Blackmore also notes that the widespread decoration of house floats returns Mardi Gras festivities to a more neighborhood-centric experience, reversing a decades-old trend to consolidate organized parades along a few well-defined routes. 

To document this historic Carnival innovation as it unfolds, THNOC photographers Keely Merritt and Melissa Carrier have traversed New Orleans to capture house floats based on the map provided by the KoHF. These are 14 of their favorites. 

1. 430 Bouny Street

This was one of the obvious choices. It just makes you stop, say wow, and smile. —Keely 

2. 5414 St. Charles Avenue

I stumbled upon this house while shooting another home and couldn’t believe how elaborate the design was. —Melissa 


3. 2425 Valmont Street

The ladders made me stop and take in all of the details of the house. It made me feel like I was on Napoleon Avenue on Mardi Gras day watching the truck parades roll by. —Melissa 


4. 605 Vallette Street 

This one was so busy that I stood there for a while to take it all in! —Keely 


5. 2918 Bell Street

I saw a photo of the Leah Chase house float in the newspaper and I knew I had to see it in person. Needless to say, it didn’t disappoint. —Melissa 


6. 441 Hamilton Street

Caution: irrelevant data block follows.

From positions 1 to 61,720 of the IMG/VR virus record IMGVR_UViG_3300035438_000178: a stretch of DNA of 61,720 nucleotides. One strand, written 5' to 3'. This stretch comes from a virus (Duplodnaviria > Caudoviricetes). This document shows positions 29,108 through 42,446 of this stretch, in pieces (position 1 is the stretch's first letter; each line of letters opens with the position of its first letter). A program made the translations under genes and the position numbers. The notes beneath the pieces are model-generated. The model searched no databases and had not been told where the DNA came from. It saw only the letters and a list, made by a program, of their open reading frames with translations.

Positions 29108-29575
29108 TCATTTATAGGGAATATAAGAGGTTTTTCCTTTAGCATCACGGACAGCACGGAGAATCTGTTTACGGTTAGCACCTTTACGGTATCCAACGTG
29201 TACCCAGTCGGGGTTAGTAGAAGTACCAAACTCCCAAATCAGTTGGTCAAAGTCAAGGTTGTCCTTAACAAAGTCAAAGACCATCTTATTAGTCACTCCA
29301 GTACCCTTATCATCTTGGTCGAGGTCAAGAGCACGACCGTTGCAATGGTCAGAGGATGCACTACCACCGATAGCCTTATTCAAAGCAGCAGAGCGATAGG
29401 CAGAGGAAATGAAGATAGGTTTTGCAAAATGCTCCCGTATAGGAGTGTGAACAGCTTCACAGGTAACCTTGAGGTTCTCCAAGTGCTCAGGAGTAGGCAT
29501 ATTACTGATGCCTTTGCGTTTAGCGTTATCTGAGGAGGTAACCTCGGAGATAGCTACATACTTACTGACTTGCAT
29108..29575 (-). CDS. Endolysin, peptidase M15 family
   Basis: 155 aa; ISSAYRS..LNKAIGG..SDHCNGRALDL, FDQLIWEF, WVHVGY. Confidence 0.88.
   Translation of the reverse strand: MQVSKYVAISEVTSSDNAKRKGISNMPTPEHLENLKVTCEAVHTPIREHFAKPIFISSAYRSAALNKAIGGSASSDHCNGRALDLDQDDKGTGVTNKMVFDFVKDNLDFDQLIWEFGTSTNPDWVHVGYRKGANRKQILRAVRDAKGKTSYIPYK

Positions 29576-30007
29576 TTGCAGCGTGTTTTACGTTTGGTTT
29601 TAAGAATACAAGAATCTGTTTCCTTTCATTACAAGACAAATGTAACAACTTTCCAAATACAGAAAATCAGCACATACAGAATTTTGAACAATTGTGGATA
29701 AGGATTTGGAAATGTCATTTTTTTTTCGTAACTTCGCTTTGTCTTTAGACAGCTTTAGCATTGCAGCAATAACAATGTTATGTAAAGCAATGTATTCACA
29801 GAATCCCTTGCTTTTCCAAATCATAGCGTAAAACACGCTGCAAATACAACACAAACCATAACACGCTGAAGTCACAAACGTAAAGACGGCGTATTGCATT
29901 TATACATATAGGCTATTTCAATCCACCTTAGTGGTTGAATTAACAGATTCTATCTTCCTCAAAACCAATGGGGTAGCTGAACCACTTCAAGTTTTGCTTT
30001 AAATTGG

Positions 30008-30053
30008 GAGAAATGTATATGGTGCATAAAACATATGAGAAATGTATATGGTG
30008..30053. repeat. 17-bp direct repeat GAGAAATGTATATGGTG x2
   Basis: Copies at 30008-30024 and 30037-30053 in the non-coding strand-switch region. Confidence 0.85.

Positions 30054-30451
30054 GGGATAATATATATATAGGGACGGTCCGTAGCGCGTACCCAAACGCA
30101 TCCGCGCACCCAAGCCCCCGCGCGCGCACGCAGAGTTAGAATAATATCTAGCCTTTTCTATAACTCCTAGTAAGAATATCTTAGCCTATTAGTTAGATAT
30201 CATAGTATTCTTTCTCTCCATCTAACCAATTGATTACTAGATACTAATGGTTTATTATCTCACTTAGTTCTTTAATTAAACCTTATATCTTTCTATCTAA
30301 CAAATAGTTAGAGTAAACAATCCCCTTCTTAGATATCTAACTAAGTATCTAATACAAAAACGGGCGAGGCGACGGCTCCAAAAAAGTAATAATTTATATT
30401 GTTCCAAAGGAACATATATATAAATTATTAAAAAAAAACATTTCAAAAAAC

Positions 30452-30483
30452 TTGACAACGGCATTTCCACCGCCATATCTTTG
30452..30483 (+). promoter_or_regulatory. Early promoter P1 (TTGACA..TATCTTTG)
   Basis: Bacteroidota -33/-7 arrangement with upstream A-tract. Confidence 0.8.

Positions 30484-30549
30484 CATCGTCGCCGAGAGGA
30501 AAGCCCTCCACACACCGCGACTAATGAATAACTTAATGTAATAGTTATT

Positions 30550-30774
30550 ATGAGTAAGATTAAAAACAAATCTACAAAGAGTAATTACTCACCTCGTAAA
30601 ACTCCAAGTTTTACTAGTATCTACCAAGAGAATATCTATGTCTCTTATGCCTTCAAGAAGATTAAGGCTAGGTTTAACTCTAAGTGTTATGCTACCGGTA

The older West Bank neighborhoods like Algiers Point and Old Gretna had many decorated houses, I think having an old house with a porch and railing might make it easier or more adaptable to becoming a float. Even if it was a single shotgun like this one.  —Keely 


7. 2412 Burgundy Street

While I was shooting a House Float on St. Roch Avenue, a woman stopped me and suggested I go checkout the Llama house around the corner, it was much more than I expected. —Melissa 


8. 3100 Desoto Street

I like to call this one the snowball house. The colors grabbed my attention but all the added details in the birds and the box of chocolates made me stop to take it all in. —Melissa 


9. 5747 Brighton Street

In the neighborhoods with more contemporary houses, they decorated the front of the house but really took advantage of the yard as well. —Keely 


10. 2104 General Pershing Street

“Waiting for Mardi Gras” is one of my favorite house floats so far, because as I shot it, I was able to appreciate all the detail put into the actions of the skeletons. As I was taking my last shot of the house a woman walked up with her three dogs; little did I know she was the homeowner. Kelly Lusco was kind enough to pose with her home for me. —Melissa 


11. 1730 Milan Street

I was impressed to see the entire balcony filled with mannequins wearing Mardi Gras float and ball attire. —Melissa 


12. 19 Tulip Street

I think this was one of my favorites, down in the lower or younger part of Gretna. It was this tiny, decorated ranch house, colorful and happy and joining in the celebration.  No one else around was decorated, but they were giving it their all! —Keely 


13. 1737 Milan Street

I admired the natural flowers in the yard of this home before I even saw the decorations. —Melissa 


14. 5531 St. Charles Avenue

The bold yellow and red colors grabbed my attention, but the circus drew me closer to the gate of the home to see all the animals. —Melissa